Forum home Road cycling forum Road general

Clipping on - seated climbing effected

freestyle_gusfreestyle_gus Posts: 120
edited February 2015 in Road general
I've recently made the jump from plain shoes to spd-sl pedals and absolutely love them. Comparatively on the flat I'm like lightning!

I have noticed though that my seated climbing is not as efficient using them, I find myself up on the big cogs much sooner than before. Is it a matter of shifting my saddle back a cm or two?

:D

Posts

  • The stack height of your new pedals is probably different; however if anything, I would expect it to be lower than a typical plain platform - i.e. raising your effective saddle height, which I'd expect to make you feel slightly more powerful, not less. (that's not necessarily to say that this is the saddle height you should be using)

    Do you feel as if your saddle height has changed? In terms of fore/aft, I don't see why you should need to reposition your saddle unless you were pedalling in a radically different position on your plain platforms. (i.e. not on the ball of your foot)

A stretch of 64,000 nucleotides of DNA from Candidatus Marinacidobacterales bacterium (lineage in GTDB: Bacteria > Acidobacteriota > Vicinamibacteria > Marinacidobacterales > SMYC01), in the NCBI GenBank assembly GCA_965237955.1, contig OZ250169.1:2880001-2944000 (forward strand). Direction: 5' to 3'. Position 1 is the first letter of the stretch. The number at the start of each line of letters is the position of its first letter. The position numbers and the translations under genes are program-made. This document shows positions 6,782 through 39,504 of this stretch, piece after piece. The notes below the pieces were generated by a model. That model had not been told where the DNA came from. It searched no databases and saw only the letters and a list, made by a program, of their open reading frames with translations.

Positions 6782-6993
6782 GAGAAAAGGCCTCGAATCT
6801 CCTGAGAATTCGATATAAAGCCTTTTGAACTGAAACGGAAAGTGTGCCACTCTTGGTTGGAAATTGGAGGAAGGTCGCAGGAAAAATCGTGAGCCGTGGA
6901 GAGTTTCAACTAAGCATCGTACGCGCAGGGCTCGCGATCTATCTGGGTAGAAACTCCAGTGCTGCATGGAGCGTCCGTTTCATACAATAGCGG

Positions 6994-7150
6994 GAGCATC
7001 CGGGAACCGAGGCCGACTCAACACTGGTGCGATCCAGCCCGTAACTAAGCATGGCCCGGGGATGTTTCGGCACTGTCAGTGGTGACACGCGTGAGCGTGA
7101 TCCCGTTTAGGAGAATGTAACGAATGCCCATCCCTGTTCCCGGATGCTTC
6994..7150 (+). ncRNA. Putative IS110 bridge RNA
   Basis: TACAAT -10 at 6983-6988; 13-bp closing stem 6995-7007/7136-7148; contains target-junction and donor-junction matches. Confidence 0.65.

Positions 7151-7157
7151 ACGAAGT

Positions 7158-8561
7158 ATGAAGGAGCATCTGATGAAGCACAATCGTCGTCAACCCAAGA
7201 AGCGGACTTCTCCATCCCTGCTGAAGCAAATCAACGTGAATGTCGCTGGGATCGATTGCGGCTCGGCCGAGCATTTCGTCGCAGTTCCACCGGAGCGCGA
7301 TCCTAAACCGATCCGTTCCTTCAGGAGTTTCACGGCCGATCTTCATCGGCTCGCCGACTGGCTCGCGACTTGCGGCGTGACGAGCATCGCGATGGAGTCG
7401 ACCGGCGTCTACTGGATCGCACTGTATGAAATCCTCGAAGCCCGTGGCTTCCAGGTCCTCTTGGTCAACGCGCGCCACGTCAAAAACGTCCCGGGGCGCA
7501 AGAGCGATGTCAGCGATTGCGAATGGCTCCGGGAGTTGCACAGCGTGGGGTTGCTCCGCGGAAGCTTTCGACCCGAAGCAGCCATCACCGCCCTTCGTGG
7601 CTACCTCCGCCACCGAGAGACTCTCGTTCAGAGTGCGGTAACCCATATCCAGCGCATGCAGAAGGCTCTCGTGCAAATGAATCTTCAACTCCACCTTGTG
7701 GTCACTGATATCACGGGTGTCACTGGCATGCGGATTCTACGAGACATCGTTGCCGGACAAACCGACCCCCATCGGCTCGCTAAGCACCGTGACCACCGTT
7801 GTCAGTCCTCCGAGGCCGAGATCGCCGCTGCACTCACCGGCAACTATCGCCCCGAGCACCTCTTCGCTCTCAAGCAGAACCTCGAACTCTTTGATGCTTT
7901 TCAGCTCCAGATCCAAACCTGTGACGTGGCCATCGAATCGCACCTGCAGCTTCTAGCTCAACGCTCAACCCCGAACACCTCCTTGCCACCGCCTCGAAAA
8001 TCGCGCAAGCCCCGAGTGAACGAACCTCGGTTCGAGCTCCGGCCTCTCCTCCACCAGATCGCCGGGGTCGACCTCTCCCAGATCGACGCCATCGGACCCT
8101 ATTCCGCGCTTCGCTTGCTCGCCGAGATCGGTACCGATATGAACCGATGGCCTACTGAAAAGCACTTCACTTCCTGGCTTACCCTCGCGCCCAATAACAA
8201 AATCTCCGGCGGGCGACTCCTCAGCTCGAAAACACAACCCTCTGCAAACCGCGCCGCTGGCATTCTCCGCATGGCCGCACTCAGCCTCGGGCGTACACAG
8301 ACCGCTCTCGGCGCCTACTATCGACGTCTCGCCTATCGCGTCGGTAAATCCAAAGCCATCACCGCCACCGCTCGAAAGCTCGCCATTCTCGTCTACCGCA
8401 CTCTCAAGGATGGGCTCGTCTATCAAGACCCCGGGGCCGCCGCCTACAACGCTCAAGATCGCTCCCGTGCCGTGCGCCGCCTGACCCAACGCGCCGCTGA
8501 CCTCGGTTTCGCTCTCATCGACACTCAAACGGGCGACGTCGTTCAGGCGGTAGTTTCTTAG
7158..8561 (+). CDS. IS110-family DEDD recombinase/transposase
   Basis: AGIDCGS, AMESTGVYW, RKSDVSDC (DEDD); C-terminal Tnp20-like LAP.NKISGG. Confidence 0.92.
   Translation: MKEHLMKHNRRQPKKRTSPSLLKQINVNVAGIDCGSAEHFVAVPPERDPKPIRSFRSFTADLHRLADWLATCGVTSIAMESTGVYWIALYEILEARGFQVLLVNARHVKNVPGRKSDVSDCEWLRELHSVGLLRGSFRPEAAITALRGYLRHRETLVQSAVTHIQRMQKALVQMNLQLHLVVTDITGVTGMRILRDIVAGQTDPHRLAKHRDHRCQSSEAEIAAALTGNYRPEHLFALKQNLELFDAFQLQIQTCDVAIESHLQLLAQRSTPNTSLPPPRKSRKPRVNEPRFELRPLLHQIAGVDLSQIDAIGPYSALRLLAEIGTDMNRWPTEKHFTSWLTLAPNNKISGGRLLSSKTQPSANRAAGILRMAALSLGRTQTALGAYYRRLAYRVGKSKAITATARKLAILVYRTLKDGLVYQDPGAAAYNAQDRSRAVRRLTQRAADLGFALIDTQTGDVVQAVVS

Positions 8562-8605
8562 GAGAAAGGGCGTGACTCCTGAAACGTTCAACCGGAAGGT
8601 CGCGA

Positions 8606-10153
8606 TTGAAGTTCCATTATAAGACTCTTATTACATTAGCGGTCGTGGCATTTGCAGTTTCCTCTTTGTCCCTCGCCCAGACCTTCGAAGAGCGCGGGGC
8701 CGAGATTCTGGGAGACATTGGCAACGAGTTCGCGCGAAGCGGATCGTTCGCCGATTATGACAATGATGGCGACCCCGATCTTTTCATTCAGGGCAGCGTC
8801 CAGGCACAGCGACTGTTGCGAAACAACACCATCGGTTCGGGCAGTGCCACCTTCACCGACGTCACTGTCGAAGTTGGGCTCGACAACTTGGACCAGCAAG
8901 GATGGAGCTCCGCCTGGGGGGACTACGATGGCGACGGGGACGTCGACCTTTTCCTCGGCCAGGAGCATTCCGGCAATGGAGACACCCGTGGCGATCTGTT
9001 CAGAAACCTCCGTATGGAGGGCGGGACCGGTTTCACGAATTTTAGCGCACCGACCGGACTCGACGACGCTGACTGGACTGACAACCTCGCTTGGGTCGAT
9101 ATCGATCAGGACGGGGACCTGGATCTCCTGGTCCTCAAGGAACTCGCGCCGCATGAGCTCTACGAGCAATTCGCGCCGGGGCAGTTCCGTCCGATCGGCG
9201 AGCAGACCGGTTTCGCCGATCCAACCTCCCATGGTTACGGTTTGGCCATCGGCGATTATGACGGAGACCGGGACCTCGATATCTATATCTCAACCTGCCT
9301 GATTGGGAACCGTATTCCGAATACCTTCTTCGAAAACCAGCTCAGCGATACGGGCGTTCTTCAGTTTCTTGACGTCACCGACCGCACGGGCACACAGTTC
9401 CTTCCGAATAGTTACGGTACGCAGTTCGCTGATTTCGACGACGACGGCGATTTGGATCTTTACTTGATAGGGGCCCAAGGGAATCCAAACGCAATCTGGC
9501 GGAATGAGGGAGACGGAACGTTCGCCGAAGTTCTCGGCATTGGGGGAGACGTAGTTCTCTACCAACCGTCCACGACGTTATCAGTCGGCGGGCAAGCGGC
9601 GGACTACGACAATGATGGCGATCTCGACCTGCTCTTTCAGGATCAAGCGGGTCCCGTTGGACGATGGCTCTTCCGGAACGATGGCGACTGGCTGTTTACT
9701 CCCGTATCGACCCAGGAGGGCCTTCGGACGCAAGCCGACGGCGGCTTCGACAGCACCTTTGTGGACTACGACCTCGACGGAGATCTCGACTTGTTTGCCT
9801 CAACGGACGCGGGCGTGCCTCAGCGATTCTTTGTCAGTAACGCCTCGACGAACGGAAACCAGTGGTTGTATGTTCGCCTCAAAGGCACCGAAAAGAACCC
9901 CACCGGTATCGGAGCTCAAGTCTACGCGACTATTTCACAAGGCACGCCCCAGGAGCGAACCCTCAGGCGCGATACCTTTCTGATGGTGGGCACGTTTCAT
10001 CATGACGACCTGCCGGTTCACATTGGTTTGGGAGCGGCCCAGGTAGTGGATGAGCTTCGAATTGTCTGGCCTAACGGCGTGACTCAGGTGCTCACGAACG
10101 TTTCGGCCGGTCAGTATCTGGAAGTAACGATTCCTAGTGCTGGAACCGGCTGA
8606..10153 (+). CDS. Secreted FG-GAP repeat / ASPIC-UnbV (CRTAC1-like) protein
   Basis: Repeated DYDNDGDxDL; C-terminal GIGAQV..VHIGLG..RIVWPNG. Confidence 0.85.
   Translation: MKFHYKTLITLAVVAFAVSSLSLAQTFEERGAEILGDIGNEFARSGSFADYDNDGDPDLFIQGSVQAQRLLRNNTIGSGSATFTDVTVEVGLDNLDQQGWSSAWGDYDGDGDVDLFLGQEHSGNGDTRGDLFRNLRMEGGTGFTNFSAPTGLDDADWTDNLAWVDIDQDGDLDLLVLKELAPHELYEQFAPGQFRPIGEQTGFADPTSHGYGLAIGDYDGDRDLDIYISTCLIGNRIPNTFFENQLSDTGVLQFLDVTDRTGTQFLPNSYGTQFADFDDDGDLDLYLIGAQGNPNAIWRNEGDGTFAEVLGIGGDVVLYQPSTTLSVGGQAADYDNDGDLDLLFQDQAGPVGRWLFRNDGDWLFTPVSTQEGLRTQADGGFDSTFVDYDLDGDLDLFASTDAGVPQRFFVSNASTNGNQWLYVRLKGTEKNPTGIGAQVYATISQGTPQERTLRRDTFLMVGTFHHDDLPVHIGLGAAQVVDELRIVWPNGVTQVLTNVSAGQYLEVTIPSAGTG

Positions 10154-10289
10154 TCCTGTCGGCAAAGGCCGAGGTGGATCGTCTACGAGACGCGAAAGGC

• Thanks Simon,

    Your thoughts have confirmed many of my original feelings. I don't really feel like my saddle height has changed, in general things are feeling very comfortable and you'd think nice and efficient, hills have just become and even greater foe!

    I think I'll notch my seat post and make some small adjustments to see if that can help.

    Thanks!
  • That sounds about right. After a week or so you may find you get used to it; the fact that you're comfortable has to count for something. Have you used a fitting system/had a bike fit, or have you just arrived at a configuration you find comfortable?
  • I Haven't invested in a bike fit. I've arrived at my current set up reading a bit of perceived wisdom, the Holmes method etc... As you say comfort counts for something!

    A bit of gentle tinkering I think :)
  • Sorted!

    Cleats moved back about 10mm. Seat dropped about 4mm.

    I can climb again :)
Sign In or Register to comment.